Sedona, as a whole, is thought to be entirely within a vortex. But the four major sites hold the key to its power. The four vortices are found at Airport Mesa, Cathedral Rock, Bell Rock, and Boynton Canyon.

Each offers a different type of power. They’re either masculine, such as the Airport Vortex, feminine like at Cathedral Rock with the Boynton Canyon Vortex being a balance of both. Interestingly, the Bell Rock Vortex is a mix of all three.

Cathedral Rock © Rex Vogel, all rights reserved

Cathedral Rock Trail

In a town with many photography hot spots, the fact that Cathedral Rock may be the most popular says something. You’ll spot the rock formation as you explore Sedona but you can’t beat getting an up-close view of the amazing site.

Cathedral Rock © Rex Vogel, all rights reserved

Although it’s only a single mile-long loop, the Cathedral Rock Trail will get your heart pumping. Starting at the Cathedral Rock Trailhead, the steep incline grows ever more challenging as you go. Bring along sturdy shoes and try to avoid climbing soon after rain.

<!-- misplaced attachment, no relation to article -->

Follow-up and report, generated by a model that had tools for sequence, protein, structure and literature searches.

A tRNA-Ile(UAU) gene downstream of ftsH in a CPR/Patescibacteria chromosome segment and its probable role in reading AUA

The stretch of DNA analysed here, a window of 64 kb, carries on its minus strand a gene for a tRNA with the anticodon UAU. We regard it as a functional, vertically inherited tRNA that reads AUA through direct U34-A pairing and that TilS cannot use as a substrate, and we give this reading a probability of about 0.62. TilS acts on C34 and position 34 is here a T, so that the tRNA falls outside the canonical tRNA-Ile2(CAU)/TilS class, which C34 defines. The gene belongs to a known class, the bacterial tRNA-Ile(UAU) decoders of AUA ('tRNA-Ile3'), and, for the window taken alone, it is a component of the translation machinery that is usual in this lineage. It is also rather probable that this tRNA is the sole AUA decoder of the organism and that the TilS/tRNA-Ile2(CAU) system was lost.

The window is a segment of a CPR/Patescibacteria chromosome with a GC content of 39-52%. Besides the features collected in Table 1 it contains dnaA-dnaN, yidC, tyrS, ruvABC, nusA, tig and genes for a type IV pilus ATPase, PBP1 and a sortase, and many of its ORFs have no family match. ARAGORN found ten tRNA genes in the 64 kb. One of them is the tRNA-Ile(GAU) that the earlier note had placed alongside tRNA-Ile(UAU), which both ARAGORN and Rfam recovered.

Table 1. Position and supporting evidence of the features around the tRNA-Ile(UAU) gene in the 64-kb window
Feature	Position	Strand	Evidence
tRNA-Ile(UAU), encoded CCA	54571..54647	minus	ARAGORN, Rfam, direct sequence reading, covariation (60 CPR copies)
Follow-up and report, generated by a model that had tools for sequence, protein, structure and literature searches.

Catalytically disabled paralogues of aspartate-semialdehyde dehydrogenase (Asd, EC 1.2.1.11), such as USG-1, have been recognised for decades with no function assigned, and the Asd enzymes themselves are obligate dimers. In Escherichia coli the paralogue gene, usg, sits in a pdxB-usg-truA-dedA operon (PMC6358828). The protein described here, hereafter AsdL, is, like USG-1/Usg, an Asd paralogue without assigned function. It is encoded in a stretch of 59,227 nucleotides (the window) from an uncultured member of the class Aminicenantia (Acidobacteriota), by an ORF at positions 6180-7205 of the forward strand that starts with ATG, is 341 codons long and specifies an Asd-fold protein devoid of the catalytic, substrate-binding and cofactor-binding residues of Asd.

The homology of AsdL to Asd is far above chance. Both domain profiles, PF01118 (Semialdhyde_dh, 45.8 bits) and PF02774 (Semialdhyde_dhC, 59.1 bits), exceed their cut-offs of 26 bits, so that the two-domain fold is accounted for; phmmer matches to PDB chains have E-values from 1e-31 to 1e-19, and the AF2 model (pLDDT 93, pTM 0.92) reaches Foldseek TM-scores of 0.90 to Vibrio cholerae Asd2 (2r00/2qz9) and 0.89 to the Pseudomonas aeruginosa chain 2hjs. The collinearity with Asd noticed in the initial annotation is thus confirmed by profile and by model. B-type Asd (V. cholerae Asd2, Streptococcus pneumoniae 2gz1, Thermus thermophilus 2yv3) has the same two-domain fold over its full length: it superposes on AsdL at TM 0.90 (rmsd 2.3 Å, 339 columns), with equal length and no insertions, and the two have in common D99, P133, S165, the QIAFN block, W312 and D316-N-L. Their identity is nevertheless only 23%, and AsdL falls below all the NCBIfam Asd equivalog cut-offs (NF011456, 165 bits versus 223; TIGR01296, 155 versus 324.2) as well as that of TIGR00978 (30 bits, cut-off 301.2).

Cathedral Rock © Rex Vogel, all rights reserved

The initial trek to the viewpoint will be over in the blink of an eye, so make sure to take time to admire the towering red rock formations along the way. Eventually, the trail stops in a saddle, providing one of the most spectacular vistas in the Grand Canyon State.

Look along the valley floor to see a vibrant mix of orange, reds, and lush greens flowing into the distance until they reach the horizon and the bright blue sky above.

Tlaquepaque © Rex Vogel, all rights reserved

Tlaquepaque Arts And Crafts Village

Hiking and four-wheel-driving aren’t the only things to do in Sedona. The town, which is synonymous with outdoor pursuits, also has a firm grasp on a creative one. One of the best examples of Sedona’s thriving art community can be found at the Tlaquepaque Arts and Crafts Village. Housed within a series of Spanish colonial buildings, the village is a labyrinth of shops and art galleries connected by cobblestone streets.